Minnesota Women Go Public with Priest Sex Abuse Claims
September 16, 2013
ST. PAUL -- Two women who say a Catholic priest abused them as girls in Willmar said Monday that they are suing to prevent others from living through what they have endured most of their lives.
“I just felt so dirty all of those years,” Lori Stoltz said as she and Kim Schmit went public with allegations that the Rev. David Roney sexually abused them in the late 1960s and early 1970s when he was a priest at St. Mary’s Catholic Church in Willmar.
“It was the church that was hiding him,” said Jan Hazen, Schmit’s mother.
“It is a seed that grows and grows...” Schmit said of the problems abuse causes. “Somebody shouldn’t have to go through that.”
Schmit and Stoltz are two of about a half-dozen women who have filed lawsuits against the Catholic Diocese of New Ulm claiming that the Rev. David Roney sexually abused them when he was a priest in southern and western Minnesota.
Roney died in 2003.
St. Paul lawyer Jeff Anderson filed the suits for the women. The suits, among thousands Anderson has filed related to clergy abuse, claim that the diocese long knew Roney sexually abused boys and girls, but did little about it.
Anderson said his firm has documented 20 cases of Roney abusing children, about 15 while he was at St. Mary’s Catholic Church in Willmar. Another half-dozen were abused in the nearby St. Francis Xavier Catholic Church parish in Benson, Anderson said.
On Monday, the diocese released a statement much like it has when other priest-abuse cases have come to light: “The diocese of New Ulm deeply regrets the long-lasting and devastating effects of sexual misconduct on the part of clergy. Such misconduct requires positive action on our part, and we have been strengthening our systems and procedures in order to address this grave issue. ...”
The diocese has been named in other suits about Roney in the past decade, settling at least one with payments to victims. Monday’s diocese statement said: “The diocese will be investigating the claims in the new lawsuits but have no facts to report about those claims at this time.”
While the diocese reports it has established a safe environment, Anderson said it has not released a list of at least a dozen priests accused of sex abuse. The women’s lawsuits seek that list.
The women seek at least $50,000 in damages. The two said they did not know the suits asked for money. They said they only want to prevent abuse.
Anderson said the diocese, and Minnesota’s other Catholic dioceses, continue to hide priest abuse and he hopes the Schmit and Stoltz lawsuits, along with others he has filed, will make those lists public.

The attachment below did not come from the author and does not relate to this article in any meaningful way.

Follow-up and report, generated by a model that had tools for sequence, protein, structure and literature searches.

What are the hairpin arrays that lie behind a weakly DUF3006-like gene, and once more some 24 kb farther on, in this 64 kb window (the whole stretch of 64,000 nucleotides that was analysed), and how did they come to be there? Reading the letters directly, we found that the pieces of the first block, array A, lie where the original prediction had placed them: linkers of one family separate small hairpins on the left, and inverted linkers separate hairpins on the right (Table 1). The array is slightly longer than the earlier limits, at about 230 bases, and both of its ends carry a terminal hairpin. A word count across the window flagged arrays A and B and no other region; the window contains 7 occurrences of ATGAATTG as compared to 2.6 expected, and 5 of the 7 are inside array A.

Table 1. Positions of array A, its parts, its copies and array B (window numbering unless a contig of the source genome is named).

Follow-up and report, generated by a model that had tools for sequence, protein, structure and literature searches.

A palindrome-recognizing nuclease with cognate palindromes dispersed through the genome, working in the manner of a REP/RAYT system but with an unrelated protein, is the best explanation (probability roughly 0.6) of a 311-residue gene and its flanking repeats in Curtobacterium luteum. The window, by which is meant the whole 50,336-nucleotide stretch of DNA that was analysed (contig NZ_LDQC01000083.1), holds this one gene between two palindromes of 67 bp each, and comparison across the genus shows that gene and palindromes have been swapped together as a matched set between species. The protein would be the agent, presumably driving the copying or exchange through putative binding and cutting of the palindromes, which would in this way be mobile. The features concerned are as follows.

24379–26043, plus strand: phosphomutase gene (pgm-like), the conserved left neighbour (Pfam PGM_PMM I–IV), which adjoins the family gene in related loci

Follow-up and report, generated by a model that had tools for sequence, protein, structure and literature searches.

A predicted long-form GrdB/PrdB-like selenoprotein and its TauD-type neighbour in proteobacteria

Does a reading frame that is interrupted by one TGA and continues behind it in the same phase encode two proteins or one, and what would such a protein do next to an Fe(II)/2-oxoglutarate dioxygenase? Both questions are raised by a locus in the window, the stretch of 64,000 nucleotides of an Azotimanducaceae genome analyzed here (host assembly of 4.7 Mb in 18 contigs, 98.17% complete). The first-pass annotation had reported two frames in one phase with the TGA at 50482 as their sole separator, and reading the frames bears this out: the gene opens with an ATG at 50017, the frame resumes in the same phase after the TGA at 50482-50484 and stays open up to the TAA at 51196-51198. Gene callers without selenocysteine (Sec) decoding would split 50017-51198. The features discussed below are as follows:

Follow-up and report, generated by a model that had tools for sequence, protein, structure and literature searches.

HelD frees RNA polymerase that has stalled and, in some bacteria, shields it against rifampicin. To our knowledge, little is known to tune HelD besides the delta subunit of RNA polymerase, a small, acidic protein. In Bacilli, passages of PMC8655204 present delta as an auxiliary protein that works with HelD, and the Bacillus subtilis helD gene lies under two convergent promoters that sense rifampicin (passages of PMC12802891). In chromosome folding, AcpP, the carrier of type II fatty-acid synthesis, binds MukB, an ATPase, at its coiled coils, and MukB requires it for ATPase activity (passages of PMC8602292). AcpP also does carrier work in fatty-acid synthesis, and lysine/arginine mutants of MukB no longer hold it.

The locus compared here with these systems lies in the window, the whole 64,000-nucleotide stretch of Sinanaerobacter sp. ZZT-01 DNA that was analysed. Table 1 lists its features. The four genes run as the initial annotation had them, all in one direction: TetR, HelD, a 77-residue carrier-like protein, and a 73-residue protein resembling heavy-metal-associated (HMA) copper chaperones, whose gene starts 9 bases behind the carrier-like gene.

The attorney has filed thousands of clergy abuse suits around the world. In Minnesota, all had been dismissed because of a statute of limitations. However, a new law basically removes the time limit.
Anderson said Roney had a long history of sexually abusing children, some of which had been reported to church and diocesan officials.
Roney was ordained in 1945, and served in Walnut Grove, Benson, Willmar and Lafayette in southern and western Minnesota from 1955 through 1980.
Most people who file sex abuse lawsuits against churches remain anonymous, but Stoltz and Schmit said they hope that going public with their identities will help others.
Stoltz and Schmit held pictures of themselves at about the age they say they were abused while they discussed the late 1960s and early 1970s incidents. The women’s mothers stood alongside.
The four women, who say they no longer consider themselves Catholics, discussed the fact that church members usually look up to priests.
“How do you go up against a church?” Stoltz asked.
Stoltz was raised in Willmar in her early years, then moved to military bases, including Minot Air Force Base in North Dakota, before returning to her hometown in high school. She left after high school and said she does not return to Willmar because of the memories from St. Mary’s Church.
Schmit, who still lives in Willmar, and Stoltz said they met each other while in high school and one night during what Schmit called “girl talk” learned that each had been abused.
Stoltz, now a Northfield resident, did not tell her parents, but Schmit told her mother when she got home on the Saturday it happened.
Schmit’s father talked to St. Mary’s school and church officials and thought the situation was being handled internally, said Hazen, who lives in New London.
Since they thought the church was dealing with the issue, Hazen said, they did not report the incident to police.
Hazen said her daughter told her on that Saturday that the priest “made me touch something really hard. Is dad like that?”
Stoltz and Schmit said they have gone to counseling, which helped them get the confidence to go public with their stories. Still, they said, their lives have not been easy.
“It’s just been a really tough road,” Schmit said.
She said she wants to ensure other kids do not go through that.
“Father Roney was a parasite, but the diocese is the monster,” Schmit said.